As the ground rushed up to meet them, the team began looking at their landing spot. They had virtually no control over their parachutes or where they would land but it was always helpful to see what sort of trouble one was about to find oneself in. Fredrick saw Argos going down a short distance away from his landing spot but wasn’t able to see him hit ground as he had to focus on his own touchdown. He hit the ground harder than he had practiced and rolled, almost getting caught up in the lines of his chute. Upon contact, the automatic releases freed him from the parachute harness and he got to his feet quickly. He looked to see where the rest of his team was landing, listened for Argos to come towards him and sniffed the air for trouble.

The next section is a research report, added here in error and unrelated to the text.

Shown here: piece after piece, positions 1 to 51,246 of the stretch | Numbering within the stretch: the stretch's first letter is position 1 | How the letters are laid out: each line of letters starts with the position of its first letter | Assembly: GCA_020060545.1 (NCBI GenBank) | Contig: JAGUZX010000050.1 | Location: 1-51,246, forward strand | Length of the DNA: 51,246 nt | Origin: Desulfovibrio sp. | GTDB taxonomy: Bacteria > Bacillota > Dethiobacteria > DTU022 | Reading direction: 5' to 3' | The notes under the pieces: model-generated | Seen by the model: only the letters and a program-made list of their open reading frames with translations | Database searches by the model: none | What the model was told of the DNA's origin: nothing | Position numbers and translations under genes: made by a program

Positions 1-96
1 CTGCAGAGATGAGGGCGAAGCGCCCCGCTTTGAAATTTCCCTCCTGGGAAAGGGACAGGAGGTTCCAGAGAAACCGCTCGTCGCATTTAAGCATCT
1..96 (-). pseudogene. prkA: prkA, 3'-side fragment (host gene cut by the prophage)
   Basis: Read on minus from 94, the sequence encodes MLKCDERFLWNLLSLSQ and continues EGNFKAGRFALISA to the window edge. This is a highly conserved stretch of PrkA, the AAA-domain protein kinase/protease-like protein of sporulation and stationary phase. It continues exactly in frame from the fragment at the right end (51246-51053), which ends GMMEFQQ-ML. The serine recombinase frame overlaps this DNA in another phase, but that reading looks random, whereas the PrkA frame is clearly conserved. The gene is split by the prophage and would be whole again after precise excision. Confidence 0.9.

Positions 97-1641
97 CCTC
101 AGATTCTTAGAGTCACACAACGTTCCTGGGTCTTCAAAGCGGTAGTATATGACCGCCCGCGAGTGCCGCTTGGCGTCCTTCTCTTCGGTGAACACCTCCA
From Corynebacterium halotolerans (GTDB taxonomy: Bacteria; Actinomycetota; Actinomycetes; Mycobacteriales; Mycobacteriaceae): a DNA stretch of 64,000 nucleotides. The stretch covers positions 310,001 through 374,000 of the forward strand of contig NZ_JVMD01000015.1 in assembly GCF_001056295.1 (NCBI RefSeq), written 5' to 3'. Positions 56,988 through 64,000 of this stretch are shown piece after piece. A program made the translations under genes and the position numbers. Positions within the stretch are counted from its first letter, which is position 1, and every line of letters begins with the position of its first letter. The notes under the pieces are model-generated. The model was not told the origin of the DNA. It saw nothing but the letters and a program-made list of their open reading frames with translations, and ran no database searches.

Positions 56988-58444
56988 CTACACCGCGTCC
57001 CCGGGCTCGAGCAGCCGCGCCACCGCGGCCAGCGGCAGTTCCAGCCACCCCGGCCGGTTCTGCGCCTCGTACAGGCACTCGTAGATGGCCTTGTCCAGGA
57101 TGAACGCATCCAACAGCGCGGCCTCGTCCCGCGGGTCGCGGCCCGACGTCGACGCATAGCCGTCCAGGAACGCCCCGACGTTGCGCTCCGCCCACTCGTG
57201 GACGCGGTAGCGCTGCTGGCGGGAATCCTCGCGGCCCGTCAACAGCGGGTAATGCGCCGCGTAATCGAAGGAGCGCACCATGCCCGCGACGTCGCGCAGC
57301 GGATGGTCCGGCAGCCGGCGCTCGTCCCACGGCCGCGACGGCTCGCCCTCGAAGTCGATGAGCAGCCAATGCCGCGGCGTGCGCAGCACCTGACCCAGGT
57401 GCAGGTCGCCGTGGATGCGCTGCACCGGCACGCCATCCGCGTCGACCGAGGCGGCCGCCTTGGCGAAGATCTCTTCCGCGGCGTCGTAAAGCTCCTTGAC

Shuck and Garm came down about a couple of hundred meters to Fredrick’s left but Morris landed directly in front of him. While everyone swore those parachutes were impossible to maneuver, Morris appeared not only to land exactly where he wanted it to but he made it look like he floated to earth like a feather. Morris stared at Fredrick without saying a word but managing to emit both contempt and boredom at the same time.

‘I’m not going to let him bait me…I’m not going to let him bait me.’ Fredrick kept thinking to himself wondering where the rest of the team were. Unable to contain himself, Fredrick met Morris’ gaze.

“Ok…I give up. What?”

“Well,” Morris began “let’s just say I’m not exactly filled with confidence based on what I’ve seen so far.” The team had finally begun to assemble, everyone appearing to have made the jump without sustaining any injuries. “And while I appreciate you all are the ‘rah, rah, do or die’ types make no mistake that I have no intention of turning this into a suicide mission. So, make stupid mistakes at your own risk and don’t expect me to save you.”

“Now, I’m going to check out the area and see if I can find anyone in this country who didn’t hear your crash landings. Try to be useful and find something for us to eat.” Morris said over his shoulder while he padded off into the darkness.